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Music and its connection to game design

May 4, 2009

Last night, I finished an 11-hour drive from Indianapolis to Savannah on route from Chicago. I selected Guns N’ Roses on Pandora somewhere early into the trip. What followed was a wonderful reliving of my life from about 17 on: Ozzy Osbourne, Sabbath, GnR, AC/DC, Aerosmith. My goodness, it was wonderful. I know a lot of game designers who are musicians – Raph Koster, Sid Meier, Shigeru Miyamoto. A good many of us sing and still more have performed professionally.

Along with this pattern, I also began to wonder about the role of music in the design process. From the late Wizardry’s on, I have more or less listened to exactly the same music while designing – a combination of rock (see above) and Celtic music (Ashley MacIsaac, The Young Dubliners, Frankie Gavin, etc).  For good measure, I also had a particular run with Pearl Jam and Talking Heads during Wizardry 8.

Only twice in my career have I strayed from that musical pattern, and in both cases, the games were subpar. I wonder if there’s a connection.

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9 Comments leave one →
  1. May 4, 2009 10:18 pm

    I can honestly say that Stop Making Sense has been one of my favorite albums since childhood and I’ve often had it on while designing. What I listen to specifically while I am designing, though, depends on the game. Sometimes I’ll listen to the soundtracks from Grim Fandango, Pitfall: The Mayan Adventure, or a Final Fantasy Piano Collection just to get in the gaming mindset. Other times I’ll crank the Jethro Tull, Tool, Nine Inch Nails, or Alice in Chains. It comes down to a mix of classic rock and grunge for the most part.

    Every once in a while though, if I really need to get the creativity going, Mozart’s Requiem.

  2. May 4, 2009 10:26 pm

    I fully believe that music plays a large role in the design process. I’m currently in the process of starting a small game development company with two others and we’ve incorporated this in our design philosophy. I am a student at Georgia Tech, one other is a student from SCAD-Atlanta, and the third is a student from SAE (School of Audio Engineering). We believe that our three areas (technical, art, audio) deserve to coexist in all stages of production.

  3. May 4, 2009 10:27 pm

    Since I’m one of those that have music to “fall-back-on” from game design (yeah, right), what about the other way around?
    What games are people into when writing music, “designing” a song? I know I tend to make allusions to code in my lyrics, or a bandmate of mine would use the idea of mario collecting lots of coins for a song, later to tell us that that was what he was going for and once we heard it again, we stopped questioning his ideas PERIOD.
    In other words, how do games or game design affect other artistic compositions? Thanks for the thought experiment, Brenda! 🙂

  4. frankmalcher permalink
    May 5, 2009 12:17 am

    Music has been an important part of my life for a long time (I’ve even played in a symphonic band for some years), and I definitely see some kind of connection between music and my game design process.

    I sense something similar to Brenda’s experience, but in many cases, it also works a little bit different: it’s more of a synesthetic thing during the design process. Even before the first prototype (while I’m “playing the game in my mind” to get the game feel I want) I normally “feel” the BGM of the game during this “mental play” – setting not only the mood, but also the pace and “feel” of the gameplay.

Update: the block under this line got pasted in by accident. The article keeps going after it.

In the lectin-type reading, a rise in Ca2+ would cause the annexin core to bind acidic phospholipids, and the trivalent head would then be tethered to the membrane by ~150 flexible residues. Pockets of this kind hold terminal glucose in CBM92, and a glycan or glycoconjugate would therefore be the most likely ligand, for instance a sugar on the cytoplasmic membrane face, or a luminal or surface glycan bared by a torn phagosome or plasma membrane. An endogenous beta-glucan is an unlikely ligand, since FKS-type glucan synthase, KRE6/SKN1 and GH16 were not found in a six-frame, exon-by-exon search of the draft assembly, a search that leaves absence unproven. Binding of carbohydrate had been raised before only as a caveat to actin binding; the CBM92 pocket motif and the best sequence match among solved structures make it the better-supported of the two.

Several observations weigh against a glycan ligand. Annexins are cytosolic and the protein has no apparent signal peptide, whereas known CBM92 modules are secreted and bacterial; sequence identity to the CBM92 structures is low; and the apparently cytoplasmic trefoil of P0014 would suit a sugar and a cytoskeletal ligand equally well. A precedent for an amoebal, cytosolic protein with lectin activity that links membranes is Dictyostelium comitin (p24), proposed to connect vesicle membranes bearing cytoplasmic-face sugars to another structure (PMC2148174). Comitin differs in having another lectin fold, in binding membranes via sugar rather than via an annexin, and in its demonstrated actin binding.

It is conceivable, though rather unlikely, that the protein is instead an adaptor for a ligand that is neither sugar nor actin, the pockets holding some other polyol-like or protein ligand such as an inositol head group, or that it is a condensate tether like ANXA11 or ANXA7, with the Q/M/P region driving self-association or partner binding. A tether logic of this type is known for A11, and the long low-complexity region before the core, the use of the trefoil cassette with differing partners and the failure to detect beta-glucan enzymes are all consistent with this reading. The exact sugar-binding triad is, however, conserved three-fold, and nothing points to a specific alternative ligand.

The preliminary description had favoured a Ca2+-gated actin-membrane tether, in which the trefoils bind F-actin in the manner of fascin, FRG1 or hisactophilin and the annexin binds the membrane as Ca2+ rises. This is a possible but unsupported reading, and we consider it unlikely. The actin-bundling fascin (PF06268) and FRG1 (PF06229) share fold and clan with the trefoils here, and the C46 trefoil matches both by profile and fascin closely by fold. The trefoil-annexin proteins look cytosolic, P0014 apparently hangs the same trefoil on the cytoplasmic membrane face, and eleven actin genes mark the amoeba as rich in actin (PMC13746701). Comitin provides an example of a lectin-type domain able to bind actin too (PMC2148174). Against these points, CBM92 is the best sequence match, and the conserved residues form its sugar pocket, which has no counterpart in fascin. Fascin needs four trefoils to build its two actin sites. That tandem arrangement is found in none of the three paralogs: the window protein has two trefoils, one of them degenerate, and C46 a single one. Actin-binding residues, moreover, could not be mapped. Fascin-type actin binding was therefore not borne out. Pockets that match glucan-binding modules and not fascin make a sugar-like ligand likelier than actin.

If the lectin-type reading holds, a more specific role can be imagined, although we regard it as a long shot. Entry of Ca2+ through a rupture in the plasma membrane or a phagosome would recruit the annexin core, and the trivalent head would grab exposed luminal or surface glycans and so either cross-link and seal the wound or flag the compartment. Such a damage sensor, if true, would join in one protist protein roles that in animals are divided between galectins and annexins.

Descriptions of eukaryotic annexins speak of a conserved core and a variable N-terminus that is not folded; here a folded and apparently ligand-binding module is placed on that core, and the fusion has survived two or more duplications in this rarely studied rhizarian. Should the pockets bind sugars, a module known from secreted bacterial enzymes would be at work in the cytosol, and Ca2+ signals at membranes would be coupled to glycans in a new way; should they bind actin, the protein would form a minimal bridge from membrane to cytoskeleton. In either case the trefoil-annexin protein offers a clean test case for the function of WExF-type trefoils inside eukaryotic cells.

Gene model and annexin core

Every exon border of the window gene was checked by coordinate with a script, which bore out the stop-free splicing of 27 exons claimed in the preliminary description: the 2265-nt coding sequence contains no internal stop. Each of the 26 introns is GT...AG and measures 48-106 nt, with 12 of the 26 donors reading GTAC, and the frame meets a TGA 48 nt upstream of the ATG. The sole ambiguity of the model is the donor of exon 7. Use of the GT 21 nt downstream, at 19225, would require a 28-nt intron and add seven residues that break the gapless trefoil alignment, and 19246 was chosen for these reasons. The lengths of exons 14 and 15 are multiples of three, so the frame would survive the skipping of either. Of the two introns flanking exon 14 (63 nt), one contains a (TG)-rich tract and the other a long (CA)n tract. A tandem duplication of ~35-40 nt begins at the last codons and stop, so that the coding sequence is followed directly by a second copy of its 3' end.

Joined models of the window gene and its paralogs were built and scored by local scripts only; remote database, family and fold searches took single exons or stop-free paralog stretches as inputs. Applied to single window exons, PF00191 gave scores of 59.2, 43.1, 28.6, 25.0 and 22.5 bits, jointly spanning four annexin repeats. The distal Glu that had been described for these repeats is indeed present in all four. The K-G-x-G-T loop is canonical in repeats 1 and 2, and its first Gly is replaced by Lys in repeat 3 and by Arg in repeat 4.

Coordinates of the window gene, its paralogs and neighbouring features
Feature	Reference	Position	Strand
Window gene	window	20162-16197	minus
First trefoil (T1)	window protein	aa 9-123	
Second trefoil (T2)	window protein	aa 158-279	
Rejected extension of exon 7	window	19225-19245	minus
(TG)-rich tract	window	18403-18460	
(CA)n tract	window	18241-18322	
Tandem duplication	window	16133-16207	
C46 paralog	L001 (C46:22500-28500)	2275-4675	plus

That’s not exactly a true composition, but a really strong feel about how the music should be, and so, both things (this “musical feel” and the game feel) kind of entwine, enhancing each other, and helping to “shape” the creation. After this, I can explain more easily to the composer what I want, in a language that he can understand, and instantly know if a music “works” or not with that game.

    I think there are 5 key points on this music-and-game-design relation: mood, pace, theme, personal inspiration, and the “tension dynamics” of the gameplay experience. I believe music acts helping the “shaping” of these elements in the games we are designing. That’s a very subtle, subjective, and even emotional effect, but I feel it’s there.

  5. Editor permalink
    May 5, 2009 1:52 am

    When Chuck Palahniuk (Fight Club, Choke) writes a novel, he’ll pick one song and play it over and over while he writes, until it doesn’t even sound like music anymore. It becomes a noise that resembles the song. He says each novel is inseparably bonded with its song.

  6. May 5, 2009 10:45 am

    I definitely agree that different musical styles make me think differently, but as an engineer that’s a serious advantage. It helps me tackle different problems, and helps me analyze problems from different angles.

    Drum ‘n Bass and Progressive Rock – chugging through core code, very methodical work.

    Hip Hop n’ Swing – More creative thinking, architecture designs, art work.

  7. May 5, 2009 12:51 pm

    I actually don’t listen to music while designing; I enjoy music but find it distracting. Does this mean my games are destined to be missing something because the process is lacking a critical component?

    • May 5, 2009 1:57 pm

      That’s interesting. I can find new music distracting, but typically design with some kind of music on. I suppose silence is a pattern on its own, too. I suggest that the next time we have a smaller project, you find some music that’s not distracting and we can explore it.

  8. Brian Shurtleff permalink
    May 7, 2009 8:55 pm

    I tend to make music for my own games, so I often make music for the game i’m working on (whether or not it’ll be used) and play it now and then while i’m designing.

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